National Archives alerted lawyers for Trump about missing letters with North Korean leader in May 2021, records show
"It is also our understanding that roughly two dozen boxes of original Presidential records were kept in the Residence of the White House over the course of President Trump's last year in office and have not been transferred to NARA, despite a determination by Pat Cipollone in the final days of the Administration that they need to be"
(CNN) — The National Archives alerted lawyers for former President Donald Trump in May 2021 that Trump’s letters with North Korean Leader Kim Jong Un — and two dozen boxes of records — were missing, according to new correspondence the Archives released on Monday.
Gary Stern, general counsel for the National Archives and Records Administration, wrote to former Trump White House lawyers Patrick Philbin, Mike Purpura and Scott Gast on May 6, 2021, alerting them that the letters Trump had exchanged with Kim and the letter he received from his predecessor, President Barack Obama, were missing, according to the correspondence released Monday in response to dozens of Freedom of Information Act requests.
In the email, Stern asked for the lawyers’ help to ensure the Archives received all presidential records as required under law.
“It is also our understanding that roughly two dozen boxes of original Presidential records were kept in the Residence of the White House over the course of President Trump’s last year in office and have not been transferred to NARA, despite a determination by Pat Cipollone in the final days of the Administration that they need to be,” Stern wrote. “I had also raised this concern with Scott during the final weeks.”
CNN previously reported that the Archives had been working throughout 2021 to get presidential records from Trump.
The correspondence released Monday provides additional detail showing how the Archives engaged with Trump’s team for months before he handed over 15 boxes of materials in January that had been housed at Trump’s Mar-a-Lago resort.
In the May 2021 letter to Trump’s representatives that was released publicly on Monday, Stern wrote there were “certain paper/textual records we cannot account for,” citing Trump’s letters with Kim and from Obama.
“For example, the original correspondence between President Trump and North Korean Leader Kim Jong-un were not transferred to us; it is our understanding that in January 2021, just prior to the end of the Administration, the originals were put in a binder for the President, but were never returned to the Office of Records Management for transfer to NARA,” he wrote.
Stern added that the Obama letter was also missing, noting that the Archives’ presidential libraries of other presidents maintain copies of similar letters. “It is necessary that this one be provided to us as well,” he wrote.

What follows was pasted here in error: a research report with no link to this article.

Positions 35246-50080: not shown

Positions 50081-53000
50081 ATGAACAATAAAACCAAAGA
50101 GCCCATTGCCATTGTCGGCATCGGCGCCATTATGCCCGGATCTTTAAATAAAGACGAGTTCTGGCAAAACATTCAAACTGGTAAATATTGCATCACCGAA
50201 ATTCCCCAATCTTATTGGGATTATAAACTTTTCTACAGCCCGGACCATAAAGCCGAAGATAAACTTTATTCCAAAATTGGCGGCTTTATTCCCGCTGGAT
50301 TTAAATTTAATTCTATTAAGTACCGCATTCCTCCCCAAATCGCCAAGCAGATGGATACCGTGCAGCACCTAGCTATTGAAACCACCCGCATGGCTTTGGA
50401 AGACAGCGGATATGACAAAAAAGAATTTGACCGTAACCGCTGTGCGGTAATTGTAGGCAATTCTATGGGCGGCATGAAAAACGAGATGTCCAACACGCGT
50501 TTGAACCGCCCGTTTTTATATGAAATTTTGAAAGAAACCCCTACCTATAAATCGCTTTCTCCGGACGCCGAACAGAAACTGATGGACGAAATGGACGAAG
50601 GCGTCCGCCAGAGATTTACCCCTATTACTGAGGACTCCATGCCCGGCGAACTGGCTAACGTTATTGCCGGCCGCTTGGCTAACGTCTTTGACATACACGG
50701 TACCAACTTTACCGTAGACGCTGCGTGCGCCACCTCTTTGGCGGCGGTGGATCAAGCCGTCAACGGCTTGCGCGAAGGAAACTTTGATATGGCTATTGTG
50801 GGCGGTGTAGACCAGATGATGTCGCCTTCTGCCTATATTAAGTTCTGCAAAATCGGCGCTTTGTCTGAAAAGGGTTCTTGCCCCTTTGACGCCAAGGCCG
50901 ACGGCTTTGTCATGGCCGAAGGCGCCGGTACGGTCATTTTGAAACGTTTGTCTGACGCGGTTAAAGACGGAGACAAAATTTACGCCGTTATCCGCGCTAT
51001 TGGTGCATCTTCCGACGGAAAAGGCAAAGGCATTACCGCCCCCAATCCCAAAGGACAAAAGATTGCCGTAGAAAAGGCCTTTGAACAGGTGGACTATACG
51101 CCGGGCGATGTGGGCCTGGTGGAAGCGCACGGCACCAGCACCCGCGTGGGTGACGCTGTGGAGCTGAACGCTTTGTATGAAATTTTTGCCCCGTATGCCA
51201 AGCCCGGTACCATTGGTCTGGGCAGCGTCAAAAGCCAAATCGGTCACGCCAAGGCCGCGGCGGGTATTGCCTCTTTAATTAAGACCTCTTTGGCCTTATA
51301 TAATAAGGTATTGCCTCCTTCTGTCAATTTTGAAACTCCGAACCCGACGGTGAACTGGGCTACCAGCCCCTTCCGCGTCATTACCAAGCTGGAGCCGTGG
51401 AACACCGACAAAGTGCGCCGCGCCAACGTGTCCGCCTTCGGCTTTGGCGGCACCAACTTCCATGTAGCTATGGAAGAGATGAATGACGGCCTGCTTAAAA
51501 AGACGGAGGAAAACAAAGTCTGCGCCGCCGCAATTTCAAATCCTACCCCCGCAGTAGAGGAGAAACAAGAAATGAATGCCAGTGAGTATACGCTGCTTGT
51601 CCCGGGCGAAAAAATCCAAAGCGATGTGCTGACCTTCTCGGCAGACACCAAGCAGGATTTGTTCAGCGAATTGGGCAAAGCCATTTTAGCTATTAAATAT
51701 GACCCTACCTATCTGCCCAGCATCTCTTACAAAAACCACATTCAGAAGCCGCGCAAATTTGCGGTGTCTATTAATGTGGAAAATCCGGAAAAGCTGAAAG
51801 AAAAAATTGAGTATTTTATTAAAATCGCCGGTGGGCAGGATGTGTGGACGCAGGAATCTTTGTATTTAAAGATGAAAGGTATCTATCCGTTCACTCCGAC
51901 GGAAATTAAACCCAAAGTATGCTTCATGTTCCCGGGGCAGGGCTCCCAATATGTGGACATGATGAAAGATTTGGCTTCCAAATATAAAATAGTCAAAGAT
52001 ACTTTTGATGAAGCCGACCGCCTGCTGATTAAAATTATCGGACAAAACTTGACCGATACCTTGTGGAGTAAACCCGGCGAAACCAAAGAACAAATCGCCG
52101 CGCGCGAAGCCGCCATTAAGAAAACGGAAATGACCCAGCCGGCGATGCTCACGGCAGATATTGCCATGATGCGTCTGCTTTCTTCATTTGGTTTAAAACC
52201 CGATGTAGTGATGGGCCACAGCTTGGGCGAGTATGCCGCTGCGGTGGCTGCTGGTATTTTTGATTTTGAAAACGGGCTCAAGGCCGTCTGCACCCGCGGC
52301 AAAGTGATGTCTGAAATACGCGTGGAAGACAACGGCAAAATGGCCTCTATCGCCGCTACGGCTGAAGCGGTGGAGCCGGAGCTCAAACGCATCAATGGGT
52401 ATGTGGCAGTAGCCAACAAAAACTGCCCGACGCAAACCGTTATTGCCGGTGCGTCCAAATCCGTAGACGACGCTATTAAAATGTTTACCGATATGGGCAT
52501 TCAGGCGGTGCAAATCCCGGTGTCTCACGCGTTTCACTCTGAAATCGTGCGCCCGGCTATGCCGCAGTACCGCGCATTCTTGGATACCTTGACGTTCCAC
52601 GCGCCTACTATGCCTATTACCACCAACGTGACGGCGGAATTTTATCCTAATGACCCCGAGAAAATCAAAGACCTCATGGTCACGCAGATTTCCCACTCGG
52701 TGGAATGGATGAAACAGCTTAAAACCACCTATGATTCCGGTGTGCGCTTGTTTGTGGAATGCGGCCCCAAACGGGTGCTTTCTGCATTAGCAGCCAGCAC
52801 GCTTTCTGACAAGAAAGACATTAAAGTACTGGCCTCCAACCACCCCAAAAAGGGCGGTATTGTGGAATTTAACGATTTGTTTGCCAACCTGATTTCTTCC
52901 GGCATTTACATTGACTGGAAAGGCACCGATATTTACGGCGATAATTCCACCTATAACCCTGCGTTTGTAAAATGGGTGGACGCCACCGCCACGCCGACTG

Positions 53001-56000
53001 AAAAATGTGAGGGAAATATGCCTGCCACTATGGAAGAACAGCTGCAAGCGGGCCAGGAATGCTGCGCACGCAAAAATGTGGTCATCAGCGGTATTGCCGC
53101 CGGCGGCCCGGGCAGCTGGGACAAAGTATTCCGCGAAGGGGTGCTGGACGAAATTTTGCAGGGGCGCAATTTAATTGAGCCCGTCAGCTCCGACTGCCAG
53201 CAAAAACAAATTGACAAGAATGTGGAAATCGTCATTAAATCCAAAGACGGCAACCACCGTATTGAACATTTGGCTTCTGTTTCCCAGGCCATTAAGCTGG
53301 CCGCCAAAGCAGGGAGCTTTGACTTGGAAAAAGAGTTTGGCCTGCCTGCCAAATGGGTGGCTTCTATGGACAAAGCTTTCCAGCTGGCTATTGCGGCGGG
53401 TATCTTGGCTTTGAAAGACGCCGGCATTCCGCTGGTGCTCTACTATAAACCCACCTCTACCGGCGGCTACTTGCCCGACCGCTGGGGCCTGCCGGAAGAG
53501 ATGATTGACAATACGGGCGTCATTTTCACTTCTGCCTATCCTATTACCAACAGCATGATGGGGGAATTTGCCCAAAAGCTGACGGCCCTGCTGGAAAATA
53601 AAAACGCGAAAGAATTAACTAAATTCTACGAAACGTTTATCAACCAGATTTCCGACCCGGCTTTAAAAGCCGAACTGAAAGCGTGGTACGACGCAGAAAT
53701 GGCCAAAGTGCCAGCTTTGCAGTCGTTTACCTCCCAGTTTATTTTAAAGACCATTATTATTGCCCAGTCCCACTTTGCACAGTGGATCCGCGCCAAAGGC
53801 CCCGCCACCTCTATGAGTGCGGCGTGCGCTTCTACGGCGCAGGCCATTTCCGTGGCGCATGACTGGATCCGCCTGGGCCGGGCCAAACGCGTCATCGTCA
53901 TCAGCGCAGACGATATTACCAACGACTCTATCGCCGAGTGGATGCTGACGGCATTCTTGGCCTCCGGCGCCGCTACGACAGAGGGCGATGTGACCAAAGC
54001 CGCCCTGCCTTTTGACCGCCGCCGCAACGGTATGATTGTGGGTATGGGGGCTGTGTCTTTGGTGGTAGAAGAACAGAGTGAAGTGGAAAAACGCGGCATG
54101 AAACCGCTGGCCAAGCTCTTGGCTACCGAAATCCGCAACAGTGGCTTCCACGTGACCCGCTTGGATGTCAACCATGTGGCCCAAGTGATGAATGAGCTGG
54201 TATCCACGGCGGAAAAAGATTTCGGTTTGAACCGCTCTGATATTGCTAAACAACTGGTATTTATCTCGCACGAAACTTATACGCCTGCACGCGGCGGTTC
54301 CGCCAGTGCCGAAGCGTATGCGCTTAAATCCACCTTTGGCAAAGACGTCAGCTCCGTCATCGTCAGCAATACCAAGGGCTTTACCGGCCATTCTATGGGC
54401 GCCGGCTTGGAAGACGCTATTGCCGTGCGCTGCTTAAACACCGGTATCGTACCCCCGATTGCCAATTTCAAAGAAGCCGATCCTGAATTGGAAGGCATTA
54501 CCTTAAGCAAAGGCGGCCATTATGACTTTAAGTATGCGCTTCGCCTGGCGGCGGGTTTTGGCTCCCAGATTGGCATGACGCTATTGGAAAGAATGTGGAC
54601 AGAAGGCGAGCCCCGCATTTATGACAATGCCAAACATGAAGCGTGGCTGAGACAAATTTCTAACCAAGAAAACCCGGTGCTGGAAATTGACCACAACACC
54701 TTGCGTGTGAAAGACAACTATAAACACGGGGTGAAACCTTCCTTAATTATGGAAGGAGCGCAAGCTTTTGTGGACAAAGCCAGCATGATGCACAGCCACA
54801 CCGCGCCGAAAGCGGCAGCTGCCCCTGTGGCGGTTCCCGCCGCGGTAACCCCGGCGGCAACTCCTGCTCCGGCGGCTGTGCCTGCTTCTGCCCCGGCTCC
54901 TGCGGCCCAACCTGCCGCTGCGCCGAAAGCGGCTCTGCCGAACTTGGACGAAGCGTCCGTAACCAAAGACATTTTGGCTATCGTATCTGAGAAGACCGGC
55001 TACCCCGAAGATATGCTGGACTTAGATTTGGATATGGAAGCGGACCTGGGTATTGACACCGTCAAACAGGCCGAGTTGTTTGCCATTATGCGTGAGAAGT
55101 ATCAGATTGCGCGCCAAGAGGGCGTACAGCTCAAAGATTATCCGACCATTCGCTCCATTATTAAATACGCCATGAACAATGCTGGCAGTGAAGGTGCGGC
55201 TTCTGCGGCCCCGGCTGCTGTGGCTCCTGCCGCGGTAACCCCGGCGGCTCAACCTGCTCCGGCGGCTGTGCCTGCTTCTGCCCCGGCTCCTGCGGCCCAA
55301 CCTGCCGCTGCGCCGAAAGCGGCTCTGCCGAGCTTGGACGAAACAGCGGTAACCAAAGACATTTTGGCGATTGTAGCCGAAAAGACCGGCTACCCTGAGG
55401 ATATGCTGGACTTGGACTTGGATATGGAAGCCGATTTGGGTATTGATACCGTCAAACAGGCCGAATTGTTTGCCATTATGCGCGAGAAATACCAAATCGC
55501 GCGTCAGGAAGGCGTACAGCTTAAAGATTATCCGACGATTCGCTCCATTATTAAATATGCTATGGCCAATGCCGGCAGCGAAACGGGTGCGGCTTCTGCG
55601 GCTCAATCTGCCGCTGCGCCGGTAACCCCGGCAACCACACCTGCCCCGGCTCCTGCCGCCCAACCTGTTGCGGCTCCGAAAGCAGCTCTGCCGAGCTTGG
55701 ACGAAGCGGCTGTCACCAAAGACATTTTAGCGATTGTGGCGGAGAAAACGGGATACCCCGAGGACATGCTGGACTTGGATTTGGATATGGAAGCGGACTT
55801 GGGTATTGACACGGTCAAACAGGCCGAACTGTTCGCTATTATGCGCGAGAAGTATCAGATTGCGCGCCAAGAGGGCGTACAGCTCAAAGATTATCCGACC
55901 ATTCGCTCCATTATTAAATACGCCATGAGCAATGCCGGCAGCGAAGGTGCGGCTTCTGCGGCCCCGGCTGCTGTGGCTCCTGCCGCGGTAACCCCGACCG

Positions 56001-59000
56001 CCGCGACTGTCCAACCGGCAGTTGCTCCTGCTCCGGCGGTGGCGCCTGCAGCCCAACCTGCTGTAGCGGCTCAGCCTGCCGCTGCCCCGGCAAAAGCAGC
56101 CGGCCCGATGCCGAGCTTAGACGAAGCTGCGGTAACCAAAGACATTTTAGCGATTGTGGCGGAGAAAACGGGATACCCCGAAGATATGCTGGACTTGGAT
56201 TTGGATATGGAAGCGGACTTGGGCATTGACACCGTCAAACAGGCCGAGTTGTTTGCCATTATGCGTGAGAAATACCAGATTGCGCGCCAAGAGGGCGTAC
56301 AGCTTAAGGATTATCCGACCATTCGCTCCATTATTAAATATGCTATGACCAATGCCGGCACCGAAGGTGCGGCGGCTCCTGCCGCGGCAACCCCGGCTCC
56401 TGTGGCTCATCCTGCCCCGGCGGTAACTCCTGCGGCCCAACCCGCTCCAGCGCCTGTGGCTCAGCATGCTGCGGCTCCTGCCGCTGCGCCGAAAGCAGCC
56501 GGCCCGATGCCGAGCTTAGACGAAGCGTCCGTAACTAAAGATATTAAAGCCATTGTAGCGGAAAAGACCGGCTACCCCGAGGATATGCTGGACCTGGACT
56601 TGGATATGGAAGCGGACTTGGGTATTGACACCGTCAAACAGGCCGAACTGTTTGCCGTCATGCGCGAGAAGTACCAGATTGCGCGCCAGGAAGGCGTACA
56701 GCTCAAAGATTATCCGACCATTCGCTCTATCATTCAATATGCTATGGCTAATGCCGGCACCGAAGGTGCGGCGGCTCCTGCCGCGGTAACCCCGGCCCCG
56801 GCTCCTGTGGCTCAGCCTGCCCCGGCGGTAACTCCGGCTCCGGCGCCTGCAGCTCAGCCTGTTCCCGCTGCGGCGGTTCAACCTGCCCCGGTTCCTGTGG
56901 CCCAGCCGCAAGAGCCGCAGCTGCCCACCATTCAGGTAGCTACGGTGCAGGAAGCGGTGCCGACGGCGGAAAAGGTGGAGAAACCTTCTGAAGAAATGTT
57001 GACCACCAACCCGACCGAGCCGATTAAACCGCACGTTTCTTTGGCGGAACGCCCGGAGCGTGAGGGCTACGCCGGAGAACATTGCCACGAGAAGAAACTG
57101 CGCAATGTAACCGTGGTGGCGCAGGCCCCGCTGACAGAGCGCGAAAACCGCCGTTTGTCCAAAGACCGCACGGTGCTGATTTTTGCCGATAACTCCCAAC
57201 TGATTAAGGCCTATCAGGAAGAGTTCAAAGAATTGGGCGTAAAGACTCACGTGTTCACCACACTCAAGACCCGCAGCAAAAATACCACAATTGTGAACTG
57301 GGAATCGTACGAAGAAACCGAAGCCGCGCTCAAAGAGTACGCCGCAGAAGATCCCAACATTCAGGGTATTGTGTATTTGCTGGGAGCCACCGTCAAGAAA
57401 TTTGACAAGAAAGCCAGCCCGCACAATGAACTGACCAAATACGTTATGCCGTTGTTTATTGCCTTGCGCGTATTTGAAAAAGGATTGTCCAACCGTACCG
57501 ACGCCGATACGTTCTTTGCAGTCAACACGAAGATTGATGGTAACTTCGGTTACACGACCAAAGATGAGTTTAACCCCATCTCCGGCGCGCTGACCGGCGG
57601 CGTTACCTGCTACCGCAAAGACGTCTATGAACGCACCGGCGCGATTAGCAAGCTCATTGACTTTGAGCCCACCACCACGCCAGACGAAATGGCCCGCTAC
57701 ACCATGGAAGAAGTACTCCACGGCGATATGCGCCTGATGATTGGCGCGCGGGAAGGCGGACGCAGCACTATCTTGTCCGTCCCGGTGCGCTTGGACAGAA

The Archives noted it was also seeking to obtain electronic records from the Trump administration. On Friday, the Archives said in a letter to the House Oversight Committee that it still did not have all required records from the Trump administration because officials used personal emails to conduct official government business and did not turn those over as required under the law.
The documents Trump handed over earlier this year included numerous classified documents, which prompted the Archives to refer the matter to the Justice Department.
But the Archives withheld the vast majority of correspondence from public release — more than 1,000 pages worth — citing exemptions to FOIA, including ongoing Justice Department investigations and the Archives’ own deliberations with Trump’s representatives.
In a letter to American Oversight, one of the groups seeking records from the Archives, the agency wrote that it located 309 pages of records related to correspondence with Trump representatives through March 31, 2022. The Archives released 11 pages and withheld 298 pages, including 295 pages the agency said was withheld due to potential interference with law enforcement.
The Archives also identified 1,303 pages of emails between Archives officials and other entities, like congressional offices. The agency released 54 pages from that cache, including correspondence with the House Oversight Committee, while it withheld 1,249 pages, citing its own deliberations and 1,073 pages due to law enforcement.
This story has been updated with additional details.
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